Panama declared its independence in 1821 and joined the Gran Colombia, a confederation formed with Colombia, Venezuela, and Ecuador. A presidential decree in 1825 provided that Spanish laws in force in the colonies up to 1808 would be a source of law supplementary to the Colombian laws enacted. These Colombian laws were eventually enacted by autocratic executive and subordinate legislative powers in Bogota. Several attempts to secede the isthmus ensued. An exception was a brief period between 1863 and 1885 Panama was a state of Colombia called the Sovereign State of the Isthmus with its state Constitution and assembly. The state assembly enacted civil and administrative codes for Panama which replaced Spanish laws in most cases and even served as a model for other Colombian states. The enactment of a national Colombian Civil Code in 1873 finally abrogated Spanish law along with all state constitutions and codes.

A fifth secession attempt in 1903 finally succeeded in creating the Republic of Panama, which by 1904 approved a constitution with a laissez-faire orientation, product of the previous century. In 1916, the Codifying Commission submitted drafts of civil, commerce, criminal, judicial, mining, and tax codes to the Legislature which were enacted in 1917 along with the Administrative Code.

A common law area subsisted in the Panama Canal Zone, a Panamanian territory under U.S. jurisdiction pursuant to the 1904 Panama Canal treaties. Canal Zone courts applied U.S. Federal law, as dictated in the Panama Canal title of the U.S. Code and Executive Orders, until their abrogation by new treaties in 1979.

The Constitutions of 1941 and 1946 granted social rights and the duties of the welfare state the rank of constitutional guarantees. Eventually, the Labor and Health Codes were approved, and the Tax Code was replaced by a more progressive version. These socializing trends were abruptly detained in 1968, when a military coup d’état against the civilian regime led to a suspension of most freedoms, the abrogation of all political parties, and the removal of most judicial civil servants. A new Constitution was approved in 1972 by a single-party legislature, which appeared to expand on most social rights but reserved the appointment of Cabinet ministers and Supreme Court justices on the sole discretion of the Chief of Staff of the National Guard. Constitutional amendments in 1983 removed said reserve and most authoritarian provisions, leading to an increasing restoration of the rule of law. In the following two years the Criminal, Judicial, and Mining Codes were replaced by more modern versions.

3. Legal Concepts

The Republic of Panama is a sovereign and independent state. Its government is centralized, republican, democratic, and representative and is composed of an executive power comprised by a president, two vice presidents, and twelve ministers of state; a legislative branch with 72 legislators; and a judicial branch headed by nine magistrates. These three powers govern the country.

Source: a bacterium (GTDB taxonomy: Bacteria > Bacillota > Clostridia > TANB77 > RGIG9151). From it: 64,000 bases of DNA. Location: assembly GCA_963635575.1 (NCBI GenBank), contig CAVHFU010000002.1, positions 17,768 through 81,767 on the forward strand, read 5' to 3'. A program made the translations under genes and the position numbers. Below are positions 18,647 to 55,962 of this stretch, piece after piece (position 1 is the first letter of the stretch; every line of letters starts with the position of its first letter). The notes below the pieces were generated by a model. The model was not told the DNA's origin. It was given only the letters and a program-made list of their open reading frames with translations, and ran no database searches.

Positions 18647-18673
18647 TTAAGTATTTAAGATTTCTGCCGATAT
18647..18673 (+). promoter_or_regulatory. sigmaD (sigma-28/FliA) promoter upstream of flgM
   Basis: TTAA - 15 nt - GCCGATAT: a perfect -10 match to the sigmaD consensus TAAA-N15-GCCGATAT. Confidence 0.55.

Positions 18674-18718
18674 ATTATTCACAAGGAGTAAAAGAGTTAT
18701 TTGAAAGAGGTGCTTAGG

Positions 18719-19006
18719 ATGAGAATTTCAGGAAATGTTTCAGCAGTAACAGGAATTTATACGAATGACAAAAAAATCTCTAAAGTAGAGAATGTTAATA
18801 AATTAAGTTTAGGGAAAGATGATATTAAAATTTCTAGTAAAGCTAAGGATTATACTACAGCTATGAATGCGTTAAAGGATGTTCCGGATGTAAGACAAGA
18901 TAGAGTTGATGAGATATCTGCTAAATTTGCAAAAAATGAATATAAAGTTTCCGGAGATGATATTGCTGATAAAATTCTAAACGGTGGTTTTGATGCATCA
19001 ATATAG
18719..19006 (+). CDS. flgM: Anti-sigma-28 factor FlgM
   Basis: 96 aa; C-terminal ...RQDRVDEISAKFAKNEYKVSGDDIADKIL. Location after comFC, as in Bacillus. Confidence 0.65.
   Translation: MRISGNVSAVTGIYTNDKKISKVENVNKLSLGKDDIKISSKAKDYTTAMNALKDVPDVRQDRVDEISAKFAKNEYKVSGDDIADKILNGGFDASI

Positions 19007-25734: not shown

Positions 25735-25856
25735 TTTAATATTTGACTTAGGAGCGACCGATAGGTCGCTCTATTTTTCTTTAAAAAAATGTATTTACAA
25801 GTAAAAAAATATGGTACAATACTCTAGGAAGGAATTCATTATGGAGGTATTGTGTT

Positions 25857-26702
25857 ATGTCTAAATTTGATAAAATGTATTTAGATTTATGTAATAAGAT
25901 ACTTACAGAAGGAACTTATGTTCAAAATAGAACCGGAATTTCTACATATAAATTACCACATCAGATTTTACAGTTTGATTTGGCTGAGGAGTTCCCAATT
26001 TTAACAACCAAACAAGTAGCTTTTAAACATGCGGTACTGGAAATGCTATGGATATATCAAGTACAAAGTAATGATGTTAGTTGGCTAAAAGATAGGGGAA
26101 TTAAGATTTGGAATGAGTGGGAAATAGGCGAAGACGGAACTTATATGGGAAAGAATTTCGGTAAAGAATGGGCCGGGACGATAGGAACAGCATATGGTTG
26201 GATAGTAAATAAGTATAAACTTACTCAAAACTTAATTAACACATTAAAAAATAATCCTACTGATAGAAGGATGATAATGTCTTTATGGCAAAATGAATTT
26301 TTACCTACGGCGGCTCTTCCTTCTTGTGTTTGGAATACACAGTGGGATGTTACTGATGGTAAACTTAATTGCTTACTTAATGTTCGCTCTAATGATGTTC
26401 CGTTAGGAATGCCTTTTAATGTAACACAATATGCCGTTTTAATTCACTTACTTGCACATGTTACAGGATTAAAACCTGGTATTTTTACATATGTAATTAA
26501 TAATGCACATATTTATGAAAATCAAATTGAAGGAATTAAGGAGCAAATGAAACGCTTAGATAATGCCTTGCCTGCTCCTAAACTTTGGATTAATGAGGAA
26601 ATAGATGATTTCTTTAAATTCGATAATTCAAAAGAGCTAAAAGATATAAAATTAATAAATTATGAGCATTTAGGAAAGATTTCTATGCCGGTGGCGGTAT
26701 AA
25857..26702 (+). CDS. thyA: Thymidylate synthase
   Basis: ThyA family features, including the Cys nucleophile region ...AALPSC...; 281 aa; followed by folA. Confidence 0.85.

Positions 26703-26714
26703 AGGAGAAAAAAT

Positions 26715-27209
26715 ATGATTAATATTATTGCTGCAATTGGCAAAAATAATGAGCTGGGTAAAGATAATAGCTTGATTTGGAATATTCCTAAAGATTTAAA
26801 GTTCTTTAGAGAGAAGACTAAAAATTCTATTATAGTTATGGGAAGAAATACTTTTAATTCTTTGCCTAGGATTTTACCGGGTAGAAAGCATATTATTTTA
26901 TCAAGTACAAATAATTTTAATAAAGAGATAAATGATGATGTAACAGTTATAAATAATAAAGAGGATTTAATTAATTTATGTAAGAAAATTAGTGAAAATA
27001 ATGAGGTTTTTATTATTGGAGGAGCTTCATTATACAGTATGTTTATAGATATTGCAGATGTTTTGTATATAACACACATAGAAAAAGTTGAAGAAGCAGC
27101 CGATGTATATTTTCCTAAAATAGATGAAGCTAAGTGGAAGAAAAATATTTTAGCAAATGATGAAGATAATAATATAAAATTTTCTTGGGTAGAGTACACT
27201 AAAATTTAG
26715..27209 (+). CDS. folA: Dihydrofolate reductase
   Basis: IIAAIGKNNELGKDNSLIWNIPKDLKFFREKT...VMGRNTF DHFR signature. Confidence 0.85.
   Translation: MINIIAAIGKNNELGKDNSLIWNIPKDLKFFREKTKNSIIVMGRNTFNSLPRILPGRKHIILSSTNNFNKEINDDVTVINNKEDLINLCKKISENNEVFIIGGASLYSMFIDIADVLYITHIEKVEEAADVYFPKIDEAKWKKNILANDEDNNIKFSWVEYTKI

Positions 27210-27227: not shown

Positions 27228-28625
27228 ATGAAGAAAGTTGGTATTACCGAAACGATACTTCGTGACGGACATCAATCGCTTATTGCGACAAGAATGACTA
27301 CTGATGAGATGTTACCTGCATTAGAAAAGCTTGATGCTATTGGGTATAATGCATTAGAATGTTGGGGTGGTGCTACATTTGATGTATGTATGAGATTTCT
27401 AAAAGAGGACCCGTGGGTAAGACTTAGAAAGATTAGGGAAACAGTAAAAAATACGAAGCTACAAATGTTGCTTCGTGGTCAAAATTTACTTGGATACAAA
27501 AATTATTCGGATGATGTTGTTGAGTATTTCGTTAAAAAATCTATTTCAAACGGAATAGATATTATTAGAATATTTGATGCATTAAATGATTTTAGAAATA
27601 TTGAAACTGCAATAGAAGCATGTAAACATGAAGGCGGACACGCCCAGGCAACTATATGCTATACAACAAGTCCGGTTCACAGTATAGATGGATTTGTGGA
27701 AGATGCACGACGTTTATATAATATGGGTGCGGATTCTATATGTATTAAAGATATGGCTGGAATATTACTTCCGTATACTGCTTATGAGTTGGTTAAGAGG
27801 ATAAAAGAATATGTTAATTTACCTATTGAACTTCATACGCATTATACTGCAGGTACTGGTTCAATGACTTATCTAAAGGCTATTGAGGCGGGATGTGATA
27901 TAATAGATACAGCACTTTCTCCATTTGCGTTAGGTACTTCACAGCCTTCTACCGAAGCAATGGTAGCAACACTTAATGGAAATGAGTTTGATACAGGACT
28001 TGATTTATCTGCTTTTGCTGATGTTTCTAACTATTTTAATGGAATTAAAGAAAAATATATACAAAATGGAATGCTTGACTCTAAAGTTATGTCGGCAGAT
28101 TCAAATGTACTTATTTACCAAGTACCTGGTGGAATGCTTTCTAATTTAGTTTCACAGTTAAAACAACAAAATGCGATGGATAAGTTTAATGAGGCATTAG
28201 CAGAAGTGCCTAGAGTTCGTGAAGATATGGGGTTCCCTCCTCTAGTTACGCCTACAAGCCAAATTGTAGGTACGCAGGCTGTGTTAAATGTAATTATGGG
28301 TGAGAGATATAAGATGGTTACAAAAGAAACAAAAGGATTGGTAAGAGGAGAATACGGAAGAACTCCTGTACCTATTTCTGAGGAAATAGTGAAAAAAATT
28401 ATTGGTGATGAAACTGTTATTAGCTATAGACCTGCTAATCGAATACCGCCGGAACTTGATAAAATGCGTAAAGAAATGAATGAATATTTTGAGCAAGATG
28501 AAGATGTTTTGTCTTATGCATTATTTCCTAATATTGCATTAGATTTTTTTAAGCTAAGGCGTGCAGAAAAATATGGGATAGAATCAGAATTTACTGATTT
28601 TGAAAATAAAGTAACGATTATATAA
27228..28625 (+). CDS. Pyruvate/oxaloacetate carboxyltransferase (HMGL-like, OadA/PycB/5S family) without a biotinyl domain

The civil law system is applied by the judicial branch, where judges are not bound by judicial precedent in their decisions. Judges rely on the Constitution, followed by codes, laws, and regulations as direct sources of law. Only after three identical decisions by the full Supreme Court do cases have a rank of mere “probable doctrine.” In the absence of express legal provisions applicable to a subject matter, general principles of law as stated in scholarly publications (and in commerce law, local customs if practiced by five or more merchants who testify to that fact) serve as indirect sources of law.

The Constitution and procedure laws have provisions from which Panamanian jurists have determined the main concepts or principles that guide the legal system. A chapter of the Constitution is devoted to individual freedoms, which provide safeguards against arbitrary detention or punishment. Article 20 of the Constitution provides that no discrimination shall exist by reason of birth, race, sex, or religion and that foreigners and nationals are equal before the law. This equality is also applicable to the acts and appearances of parties before the judicial entities. Another constitutional guarantee provides that no one shall be judged other than by a competent authority for violations of the previously enacted law. This rule of law principle is also extended to imposition of fines or any other decisions that any public official takes with regards to citizens or their properties. Constitutional provisions have been criticized abroad, including the powers granted to high-ranking officials to order a detention without due process for up to 24 hours and the imprisonment penalties for libel that result in "offenses to the honor." Another chapter of the Constitution provides principles for the actions of the judiciary power. The constitutional principle of judicial independence provides that judges are independent in their acts and are subject to nothing other than the Constitution and the laws (Article 207, Constitution).